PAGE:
New York: Increasing Radicalization of the Protests for Free Public Transport

by Mo Sedlak

On January 31 New York activists took the street for the third FTP (Fuck the Police) day of action. Since the Metropolitan Transport Authority MTA increased fare prices last year, then organized a campaign against fare beating carried out mainly by police violence, the protests have been increasing in size and militancy, with hundreds taking over Grand Central Station. There have also been decentralized banner-drops, graffiti, destruction of turnstiles and the forcing open of emergency exits all over the city.

The protests are encouraged by established groups of the autonomous and Black left, but carried out mainly by a new generation of young activists. The demands offer a platform of working class unity against a transport system failing us every day, while the radicalism takes up a healthy confrontational stance against NGO and local reformists who attempt to co-opt the actions. And there’s plenty of room remaining for linking up with the union struggles in the public transport sector and including the explosively growing ecological movement too.

The failing MTA is an act of class war

The New York public transport system is notoriously unreliable, expensive, and a constant burden for working class people and youth that depend on it for ways to work and school. Under the increasing public pressure and threat of actually throwing the economic system of the city into disarray, politicians have acknowledged that something needs to be done.

NY governor Andrew Cuomo made the MTA workers and alleged fare-beaters responsible for the problem, while newly hired manager Andy Byford promised to increase punctuality by re-organizing the agency without taking a public stance against his own employees. And in a side note, Mr. Byford resigned just before the third FTP day of action, leaving Cuomo’s reactionary solutions all that’s left in the public for now.

Rather than fixing transport, New York hires cops to terrorize

The gradual defunding of the public transport system is a form of class struggle, protecting the tax bills of those who use drivers and helicopters at the expense of the working class. But class war is more than a metaphor, and against alleged fare-beaters, soldiers in uniforms and with weapons were deployed when the MTA announced a zero tolerance policy in the Fall of 2019 and hired 500 new cops at a cost of $ 249 million for five years, the equivalent to 90 million single fares.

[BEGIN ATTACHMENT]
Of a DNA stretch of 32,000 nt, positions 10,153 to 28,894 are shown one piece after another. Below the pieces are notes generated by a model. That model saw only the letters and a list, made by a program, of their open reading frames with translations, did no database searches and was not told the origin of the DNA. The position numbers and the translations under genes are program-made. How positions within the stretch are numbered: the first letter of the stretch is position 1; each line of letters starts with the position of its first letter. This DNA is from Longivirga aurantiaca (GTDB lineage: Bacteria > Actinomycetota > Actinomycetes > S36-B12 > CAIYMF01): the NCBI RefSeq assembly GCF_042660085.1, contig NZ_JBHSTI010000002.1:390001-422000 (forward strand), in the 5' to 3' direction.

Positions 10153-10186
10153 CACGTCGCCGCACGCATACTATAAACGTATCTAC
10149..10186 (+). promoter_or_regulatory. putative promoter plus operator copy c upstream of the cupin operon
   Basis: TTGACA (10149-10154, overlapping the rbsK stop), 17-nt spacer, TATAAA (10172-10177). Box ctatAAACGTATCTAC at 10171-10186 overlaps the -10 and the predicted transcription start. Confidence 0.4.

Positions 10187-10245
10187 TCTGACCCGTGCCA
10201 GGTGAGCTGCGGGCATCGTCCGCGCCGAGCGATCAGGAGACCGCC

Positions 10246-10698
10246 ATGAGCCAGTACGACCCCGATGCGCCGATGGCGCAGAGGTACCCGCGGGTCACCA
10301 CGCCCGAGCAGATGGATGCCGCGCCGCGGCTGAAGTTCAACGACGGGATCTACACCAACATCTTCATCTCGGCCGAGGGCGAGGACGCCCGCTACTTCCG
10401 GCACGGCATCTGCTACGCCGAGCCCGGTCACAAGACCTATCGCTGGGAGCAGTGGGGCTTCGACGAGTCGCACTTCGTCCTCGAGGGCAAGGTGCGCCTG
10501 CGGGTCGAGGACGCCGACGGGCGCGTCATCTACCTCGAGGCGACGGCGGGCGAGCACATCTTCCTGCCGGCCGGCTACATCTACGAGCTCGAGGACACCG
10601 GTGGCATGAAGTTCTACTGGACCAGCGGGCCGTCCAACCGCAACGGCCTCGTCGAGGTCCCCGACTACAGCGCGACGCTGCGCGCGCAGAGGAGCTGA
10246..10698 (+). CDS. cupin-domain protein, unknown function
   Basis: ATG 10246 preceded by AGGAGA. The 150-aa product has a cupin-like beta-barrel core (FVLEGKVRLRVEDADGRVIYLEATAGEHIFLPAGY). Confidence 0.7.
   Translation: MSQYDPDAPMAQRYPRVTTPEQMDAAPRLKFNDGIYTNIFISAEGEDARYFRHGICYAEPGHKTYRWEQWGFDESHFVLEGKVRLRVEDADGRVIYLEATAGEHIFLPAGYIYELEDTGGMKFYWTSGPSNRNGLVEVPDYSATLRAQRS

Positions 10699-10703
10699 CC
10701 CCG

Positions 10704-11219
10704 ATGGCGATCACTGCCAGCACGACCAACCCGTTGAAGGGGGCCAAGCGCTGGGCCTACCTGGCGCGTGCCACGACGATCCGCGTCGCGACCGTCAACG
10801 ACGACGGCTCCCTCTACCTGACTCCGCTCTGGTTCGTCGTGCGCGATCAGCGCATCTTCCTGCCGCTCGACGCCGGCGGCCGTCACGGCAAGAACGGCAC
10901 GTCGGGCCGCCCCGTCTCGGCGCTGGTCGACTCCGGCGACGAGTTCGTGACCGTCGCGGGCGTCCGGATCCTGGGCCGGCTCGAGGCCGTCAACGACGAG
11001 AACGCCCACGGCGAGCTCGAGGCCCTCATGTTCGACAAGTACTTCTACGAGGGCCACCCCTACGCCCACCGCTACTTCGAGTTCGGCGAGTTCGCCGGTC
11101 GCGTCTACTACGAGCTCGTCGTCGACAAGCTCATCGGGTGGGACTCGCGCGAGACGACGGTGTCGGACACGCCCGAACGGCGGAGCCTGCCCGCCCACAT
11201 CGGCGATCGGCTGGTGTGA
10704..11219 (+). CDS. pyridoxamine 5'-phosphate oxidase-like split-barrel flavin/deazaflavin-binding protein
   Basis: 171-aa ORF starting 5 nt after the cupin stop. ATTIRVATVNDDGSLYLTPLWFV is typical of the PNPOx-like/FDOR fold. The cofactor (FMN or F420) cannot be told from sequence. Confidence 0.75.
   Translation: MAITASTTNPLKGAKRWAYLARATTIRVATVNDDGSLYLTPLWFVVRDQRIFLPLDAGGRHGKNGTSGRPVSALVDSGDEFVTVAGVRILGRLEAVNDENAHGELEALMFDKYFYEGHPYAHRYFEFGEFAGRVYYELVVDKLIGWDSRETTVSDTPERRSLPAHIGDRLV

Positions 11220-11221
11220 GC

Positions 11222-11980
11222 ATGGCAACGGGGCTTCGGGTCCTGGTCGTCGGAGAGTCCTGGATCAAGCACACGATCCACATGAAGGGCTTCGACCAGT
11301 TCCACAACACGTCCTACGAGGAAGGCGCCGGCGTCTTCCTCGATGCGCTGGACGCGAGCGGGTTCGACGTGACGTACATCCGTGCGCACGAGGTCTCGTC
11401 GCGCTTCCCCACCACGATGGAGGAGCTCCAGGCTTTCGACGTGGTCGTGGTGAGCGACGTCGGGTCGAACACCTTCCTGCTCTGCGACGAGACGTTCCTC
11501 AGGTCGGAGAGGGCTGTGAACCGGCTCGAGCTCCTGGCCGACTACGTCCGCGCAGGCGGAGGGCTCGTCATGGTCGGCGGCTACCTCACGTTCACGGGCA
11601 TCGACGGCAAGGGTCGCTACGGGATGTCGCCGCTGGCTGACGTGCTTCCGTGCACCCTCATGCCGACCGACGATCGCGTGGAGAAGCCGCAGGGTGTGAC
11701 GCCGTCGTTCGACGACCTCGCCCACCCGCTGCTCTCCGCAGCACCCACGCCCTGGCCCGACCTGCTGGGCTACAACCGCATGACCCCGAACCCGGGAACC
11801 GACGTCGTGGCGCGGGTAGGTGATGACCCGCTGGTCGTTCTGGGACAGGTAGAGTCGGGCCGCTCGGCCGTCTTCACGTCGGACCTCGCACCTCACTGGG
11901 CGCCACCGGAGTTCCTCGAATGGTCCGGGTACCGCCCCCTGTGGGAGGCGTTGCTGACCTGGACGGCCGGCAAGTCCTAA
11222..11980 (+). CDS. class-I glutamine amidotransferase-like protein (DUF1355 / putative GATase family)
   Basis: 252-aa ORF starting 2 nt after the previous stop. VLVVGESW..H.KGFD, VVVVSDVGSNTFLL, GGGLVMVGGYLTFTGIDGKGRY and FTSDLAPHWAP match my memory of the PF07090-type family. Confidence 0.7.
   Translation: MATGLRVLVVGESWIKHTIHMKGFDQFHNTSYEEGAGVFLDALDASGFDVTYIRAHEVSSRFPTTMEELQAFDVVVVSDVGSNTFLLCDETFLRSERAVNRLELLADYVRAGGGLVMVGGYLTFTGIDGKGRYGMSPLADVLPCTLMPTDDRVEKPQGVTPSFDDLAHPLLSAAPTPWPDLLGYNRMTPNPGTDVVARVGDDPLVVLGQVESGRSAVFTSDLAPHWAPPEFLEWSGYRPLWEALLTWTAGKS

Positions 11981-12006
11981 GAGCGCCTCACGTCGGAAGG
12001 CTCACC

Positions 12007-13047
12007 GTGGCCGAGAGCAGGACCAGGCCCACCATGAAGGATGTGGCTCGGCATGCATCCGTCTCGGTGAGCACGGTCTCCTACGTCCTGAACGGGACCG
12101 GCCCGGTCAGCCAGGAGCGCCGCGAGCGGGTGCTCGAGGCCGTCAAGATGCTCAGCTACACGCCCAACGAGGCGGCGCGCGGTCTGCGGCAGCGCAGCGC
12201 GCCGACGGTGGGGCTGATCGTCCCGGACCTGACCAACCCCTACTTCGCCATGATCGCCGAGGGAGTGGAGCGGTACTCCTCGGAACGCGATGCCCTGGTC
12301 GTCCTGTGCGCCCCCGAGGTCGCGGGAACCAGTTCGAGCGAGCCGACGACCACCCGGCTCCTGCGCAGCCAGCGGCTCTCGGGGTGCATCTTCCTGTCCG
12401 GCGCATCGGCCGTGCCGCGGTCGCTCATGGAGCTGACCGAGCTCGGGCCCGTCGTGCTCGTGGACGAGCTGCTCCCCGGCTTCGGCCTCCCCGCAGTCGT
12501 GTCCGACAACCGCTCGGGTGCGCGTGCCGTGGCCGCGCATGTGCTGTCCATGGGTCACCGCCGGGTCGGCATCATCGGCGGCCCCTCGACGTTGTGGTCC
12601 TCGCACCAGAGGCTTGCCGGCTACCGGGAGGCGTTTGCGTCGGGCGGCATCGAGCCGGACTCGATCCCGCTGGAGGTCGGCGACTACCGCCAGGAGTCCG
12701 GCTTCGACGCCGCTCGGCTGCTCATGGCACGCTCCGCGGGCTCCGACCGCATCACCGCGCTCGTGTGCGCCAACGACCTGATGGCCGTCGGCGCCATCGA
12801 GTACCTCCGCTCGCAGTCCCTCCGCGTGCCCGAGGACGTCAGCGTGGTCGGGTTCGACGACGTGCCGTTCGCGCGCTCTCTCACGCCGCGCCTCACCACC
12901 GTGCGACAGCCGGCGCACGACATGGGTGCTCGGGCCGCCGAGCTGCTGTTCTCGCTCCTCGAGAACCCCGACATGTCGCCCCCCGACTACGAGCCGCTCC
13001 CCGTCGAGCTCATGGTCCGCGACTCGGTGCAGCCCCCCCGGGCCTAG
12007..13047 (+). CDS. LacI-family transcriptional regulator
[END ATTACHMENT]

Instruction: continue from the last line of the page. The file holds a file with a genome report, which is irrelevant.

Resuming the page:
Combining structural racism with an armed offensive against the poorer segments of New York’s population, these cops started publicly threatening and humiliating their enemies immediately. Scandals involved eight cops drawing their guns in a crowded L train against an alleged turnstile hopper in October 2019, the punching of teenagers less than 24 hours later, and then tasered a 16 year old accused of fare evasion two days later. All the victims were people of color.

The movement challenges the police on the streets

Days later on November 1, the first FTP march erupted in Brooklyn, rallying a diverse and angry crowd against police violence, but also communicating first demands. Three weeks later, 1000-3000 protestors took the street in Harlem, resisting police violence (which ended in over 50 arrests nevertheless) and attempts to disperse the crowd. According to multiple observers, the actions on January 31 were even larger.

The movement has consolidated four demands, (1) free fares on all New York transit, (2) cops out of the trains and stations, (3) no police harassment of street vendors and performers and (4) full accessibility. In three “communiqués” that demanded to “swipe Wall Street’s profits”, it analyzed the oppressive character of the police as an institution (rather than the “few bad apples” myth) and pointed out the settler-colonialist history of New York city, formerly Lenape land, as well as the role of trains in escalating this process. It unites anti-racist struggles and positions against sexist as well as sexual oppression around these key demands that speak to every worker and youth in the city.